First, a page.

19. It was claimed by the counsel for the appellants that to read the notifications in the way the Assistant Collector did, would be to nullify the exemptions because no kraft paper at least till 24-1-78 would have paid any duty at 37.5%. The learned counsel for the department's answer to this was that if that was the effect of the notification, then that was how exactly it had to be worked. She said that neither the Assistant Collector nor the Appellate Collector nor anybody else can substract from a notification or supply its deficiency. There may be a defect of the various notifications as a result of which the manufacturer may not be able to avail the duty exemption as provided in the notifications. She said that this cannot be remedied now. The authorities who administered and execute the exemption notifications must go by the letter of the notification-at the most they can go by the intendment if such intendment can clearly flow from the words of the published law and legislation. It is not permissible, as suggested by the appellants, to give a so-called harmonious construction and reading to the scheme and the intention of the Government if by doing so we arrive at a result that is not to be found from the written letter of the law. One must take the law as one finds it. She also pointed out that this Tribunal has decided a number of such cases in the past, the most recent one being order No. 51-52/ 84-C dated 28-1-84 in which an exactly similar matter was considered by this Tribunal and the appeal for an identical concession rejected. She saw no merits in this appeal.

20. It is not for nothing that the Government clarification relied upon by the appellants says that- "The stipulated full duty exemption on corrugated board is available subject to the condition that the proper Officer is satisfied that such corrugated board has been produced out of kraft paper or out of paper and paper board of the type known as kraft liner or corrugating medium of a substance equal to or exceeding 65 gsm, in each case, which has paid duty at the enhanced rate of 37.5% ad valorem in terms of notification 15/78-C.E." This is just the contrary of what the appellants say was the Government promise.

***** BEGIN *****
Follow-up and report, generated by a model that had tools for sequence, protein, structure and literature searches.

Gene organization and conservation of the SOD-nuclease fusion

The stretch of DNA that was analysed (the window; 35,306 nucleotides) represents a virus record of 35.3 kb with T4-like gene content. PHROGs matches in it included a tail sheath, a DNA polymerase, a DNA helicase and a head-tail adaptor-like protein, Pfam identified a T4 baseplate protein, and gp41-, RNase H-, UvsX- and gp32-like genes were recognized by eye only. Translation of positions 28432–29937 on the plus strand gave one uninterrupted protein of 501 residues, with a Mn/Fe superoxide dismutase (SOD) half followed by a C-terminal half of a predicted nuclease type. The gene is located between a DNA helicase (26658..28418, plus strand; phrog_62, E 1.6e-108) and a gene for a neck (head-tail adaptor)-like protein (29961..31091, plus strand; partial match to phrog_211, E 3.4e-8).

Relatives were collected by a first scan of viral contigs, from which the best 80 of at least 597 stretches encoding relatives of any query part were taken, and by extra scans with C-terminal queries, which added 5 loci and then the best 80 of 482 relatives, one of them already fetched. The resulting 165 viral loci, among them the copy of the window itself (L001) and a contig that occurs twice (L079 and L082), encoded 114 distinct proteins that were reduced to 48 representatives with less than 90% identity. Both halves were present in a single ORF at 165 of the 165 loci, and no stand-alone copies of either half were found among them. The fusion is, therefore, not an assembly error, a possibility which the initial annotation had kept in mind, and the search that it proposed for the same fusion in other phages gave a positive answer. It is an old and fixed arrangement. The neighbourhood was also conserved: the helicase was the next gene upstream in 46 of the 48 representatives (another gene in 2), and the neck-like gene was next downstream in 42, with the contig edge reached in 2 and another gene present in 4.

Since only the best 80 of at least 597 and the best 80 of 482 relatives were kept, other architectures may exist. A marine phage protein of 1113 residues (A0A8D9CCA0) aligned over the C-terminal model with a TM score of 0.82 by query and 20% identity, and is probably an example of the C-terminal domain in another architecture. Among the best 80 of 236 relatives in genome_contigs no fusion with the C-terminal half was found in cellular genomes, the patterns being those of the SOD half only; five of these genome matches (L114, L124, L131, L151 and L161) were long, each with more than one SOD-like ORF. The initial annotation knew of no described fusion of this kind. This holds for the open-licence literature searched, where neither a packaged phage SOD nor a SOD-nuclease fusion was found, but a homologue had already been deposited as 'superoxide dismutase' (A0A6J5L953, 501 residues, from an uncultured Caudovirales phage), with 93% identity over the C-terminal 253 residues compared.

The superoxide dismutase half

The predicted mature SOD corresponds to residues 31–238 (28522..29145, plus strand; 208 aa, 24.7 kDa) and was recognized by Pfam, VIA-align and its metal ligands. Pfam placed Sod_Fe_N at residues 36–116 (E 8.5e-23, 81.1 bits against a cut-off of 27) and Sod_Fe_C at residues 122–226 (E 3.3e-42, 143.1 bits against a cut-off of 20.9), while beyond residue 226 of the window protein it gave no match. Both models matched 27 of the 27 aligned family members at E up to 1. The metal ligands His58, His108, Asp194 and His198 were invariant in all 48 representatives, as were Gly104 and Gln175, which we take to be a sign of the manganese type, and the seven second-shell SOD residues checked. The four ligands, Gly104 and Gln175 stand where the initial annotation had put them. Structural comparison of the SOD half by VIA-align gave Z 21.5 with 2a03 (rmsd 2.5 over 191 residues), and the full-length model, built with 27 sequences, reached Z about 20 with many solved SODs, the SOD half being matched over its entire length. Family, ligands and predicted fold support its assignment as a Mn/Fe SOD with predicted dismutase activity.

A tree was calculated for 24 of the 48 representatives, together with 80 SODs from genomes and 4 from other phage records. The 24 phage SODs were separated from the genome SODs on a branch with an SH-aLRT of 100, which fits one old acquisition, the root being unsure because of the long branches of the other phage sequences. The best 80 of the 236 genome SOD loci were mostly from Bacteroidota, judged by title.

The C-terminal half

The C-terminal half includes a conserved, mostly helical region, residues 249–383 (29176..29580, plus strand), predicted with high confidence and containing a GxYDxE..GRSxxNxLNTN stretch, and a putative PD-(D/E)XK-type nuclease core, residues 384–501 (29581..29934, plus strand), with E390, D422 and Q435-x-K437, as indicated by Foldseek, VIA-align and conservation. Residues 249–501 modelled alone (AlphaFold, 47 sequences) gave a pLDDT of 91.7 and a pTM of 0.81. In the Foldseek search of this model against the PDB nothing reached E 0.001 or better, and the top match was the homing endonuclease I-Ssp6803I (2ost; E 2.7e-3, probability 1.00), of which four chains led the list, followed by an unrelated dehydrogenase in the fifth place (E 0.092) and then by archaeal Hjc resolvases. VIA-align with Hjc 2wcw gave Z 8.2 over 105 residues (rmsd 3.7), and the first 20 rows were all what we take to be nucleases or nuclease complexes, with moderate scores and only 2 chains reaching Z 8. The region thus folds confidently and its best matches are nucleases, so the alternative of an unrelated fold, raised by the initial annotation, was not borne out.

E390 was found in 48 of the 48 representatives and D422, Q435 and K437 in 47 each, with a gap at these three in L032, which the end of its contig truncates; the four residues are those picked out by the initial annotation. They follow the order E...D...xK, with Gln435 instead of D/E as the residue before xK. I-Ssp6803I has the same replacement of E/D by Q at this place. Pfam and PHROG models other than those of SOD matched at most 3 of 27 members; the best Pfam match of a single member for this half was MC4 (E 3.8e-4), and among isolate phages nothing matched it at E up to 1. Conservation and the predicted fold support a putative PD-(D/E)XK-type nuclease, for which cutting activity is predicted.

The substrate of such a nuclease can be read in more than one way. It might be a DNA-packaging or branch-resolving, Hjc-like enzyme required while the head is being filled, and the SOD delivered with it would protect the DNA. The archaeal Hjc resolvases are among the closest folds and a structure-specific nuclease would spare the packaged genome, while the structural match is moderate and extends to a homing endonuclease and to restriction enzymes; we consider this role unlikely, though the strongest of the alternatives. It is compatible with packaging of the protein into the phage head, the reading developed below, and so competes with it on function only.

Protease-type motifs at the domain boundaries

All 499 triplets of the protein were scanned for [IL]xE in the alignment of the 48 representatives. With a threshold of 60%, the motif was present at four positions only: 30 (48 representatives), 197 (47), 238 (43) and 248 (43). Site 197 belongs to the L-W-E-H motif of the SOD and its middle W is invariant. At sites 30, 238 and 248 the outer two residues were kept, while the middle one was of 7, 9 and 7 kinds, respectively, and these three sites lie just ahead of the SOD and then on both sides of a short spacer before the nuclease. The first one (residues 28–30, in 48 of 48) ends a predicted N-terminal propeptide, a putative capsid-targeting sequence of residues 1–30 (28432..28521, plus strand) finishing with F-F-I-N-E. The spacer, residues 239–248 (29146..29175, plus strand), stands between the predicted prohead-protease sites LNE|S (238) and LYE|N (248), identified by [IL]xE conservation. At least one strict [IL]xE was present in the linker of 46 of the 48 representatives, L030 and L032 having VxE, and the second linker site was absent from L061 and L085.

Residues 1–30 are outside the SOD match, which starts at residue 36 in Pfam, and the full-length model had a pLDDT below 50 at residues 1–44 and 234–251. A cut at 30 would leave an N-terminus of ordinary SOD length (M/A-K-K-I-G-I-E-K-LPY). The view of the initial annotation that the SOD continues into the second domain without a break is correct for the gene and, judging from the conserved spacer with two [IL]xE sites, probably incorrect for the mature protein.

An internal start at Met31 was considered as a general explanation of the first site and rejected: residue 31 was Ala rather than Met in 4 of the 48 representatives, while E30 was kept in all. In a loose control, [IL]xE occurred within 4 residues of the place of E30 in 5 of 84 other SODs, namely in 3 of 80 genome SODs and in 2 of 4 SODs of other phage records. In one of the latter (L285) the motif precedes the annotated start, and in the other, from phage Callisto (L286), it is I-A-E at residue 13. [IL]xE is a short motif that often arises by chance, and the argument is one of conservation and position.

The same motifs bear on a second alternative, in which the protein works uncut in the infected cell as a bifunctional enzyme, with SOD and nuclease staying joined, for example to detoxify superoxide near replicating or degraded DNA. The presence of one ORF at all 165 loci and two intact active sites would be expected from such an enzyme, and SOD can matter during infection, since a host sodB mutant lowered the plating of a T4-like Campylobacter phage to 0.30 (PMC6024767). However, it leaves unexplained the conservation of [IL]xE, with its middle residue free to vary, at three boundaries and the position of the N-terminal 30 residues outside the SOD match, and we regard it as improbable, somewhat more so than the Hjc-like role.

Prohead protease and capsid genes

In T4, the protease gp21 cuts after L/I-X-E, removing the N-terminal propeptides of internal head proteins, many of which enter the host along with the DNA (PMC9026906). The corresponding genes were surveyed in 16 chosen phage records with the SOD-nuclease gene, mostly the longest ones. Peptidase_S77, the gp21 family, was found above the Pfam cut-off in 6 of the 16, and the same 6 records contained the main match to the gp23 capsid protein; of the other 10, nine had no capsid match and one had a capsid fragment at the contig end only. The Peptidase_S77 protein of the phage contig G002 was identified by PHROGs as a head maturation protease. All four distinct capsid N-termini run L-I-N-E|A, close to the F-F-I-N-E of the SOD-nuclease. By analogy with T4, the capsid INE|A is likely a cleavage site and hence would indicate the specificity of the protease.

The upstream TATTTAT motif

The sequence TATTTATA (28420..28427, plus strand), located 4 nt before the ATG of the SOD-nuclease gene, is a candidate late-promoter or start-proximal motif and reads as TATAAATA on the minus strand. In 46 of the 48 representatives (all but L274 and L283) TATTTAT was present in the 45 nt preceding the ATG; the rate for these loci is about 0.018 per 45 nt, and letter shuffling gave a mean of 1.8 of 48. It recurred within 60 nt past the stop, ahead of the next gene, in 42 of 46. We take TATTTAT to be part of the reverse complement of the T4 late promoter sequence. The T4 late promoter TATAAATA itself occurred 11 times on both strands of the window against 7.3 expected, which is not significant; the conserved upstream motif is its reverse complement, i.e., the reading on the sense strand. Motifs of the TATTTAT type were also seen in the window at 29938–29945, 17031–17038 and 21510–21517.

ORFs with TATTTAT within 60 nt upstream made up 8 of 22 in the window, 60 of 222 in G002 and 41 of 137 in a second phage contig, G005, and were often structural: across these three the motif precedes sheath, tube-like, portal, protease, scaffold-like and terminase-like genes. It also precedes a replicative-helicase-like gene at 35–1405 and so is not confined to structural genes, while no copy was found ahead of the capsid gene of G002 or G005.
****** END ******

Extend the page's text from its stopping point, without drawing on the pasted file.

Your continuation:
21. The appellants had once canvassed the view that because of an amendment on 26-8-78 which substituted the words "on which appropriate duty, if any, has been paid" for the words "duty has been paid at the rate of 37.5% ad valorem" in the notification 14/78-C.E. the concession was intended to be given from the very beginning-that is, from 24-1-78.

This cannot be done except by giving the notification retrospective effect, an action that would, in different circumstances, bring out vehement protests from the assessee. We need not say anything more than that no notification can have retrospective effect whether such effect is for the assessee or against the assessee, unless such retroactivity is decreed by Parliament.

22. We have already discussed the matter in detail in the above paragraphs. We have also decided in two or three cases in the past that the concession sought by the appellants now cannot be given on the strict terms and constructions of the notifications. We rule similarly here and reject this appeal.

23. For the same reasons we reject the appeal filed by M/s. India Packaging Products Pvt. Ltd., Bangalore against the same order of the Appellate Collector of Central Excise, Madras.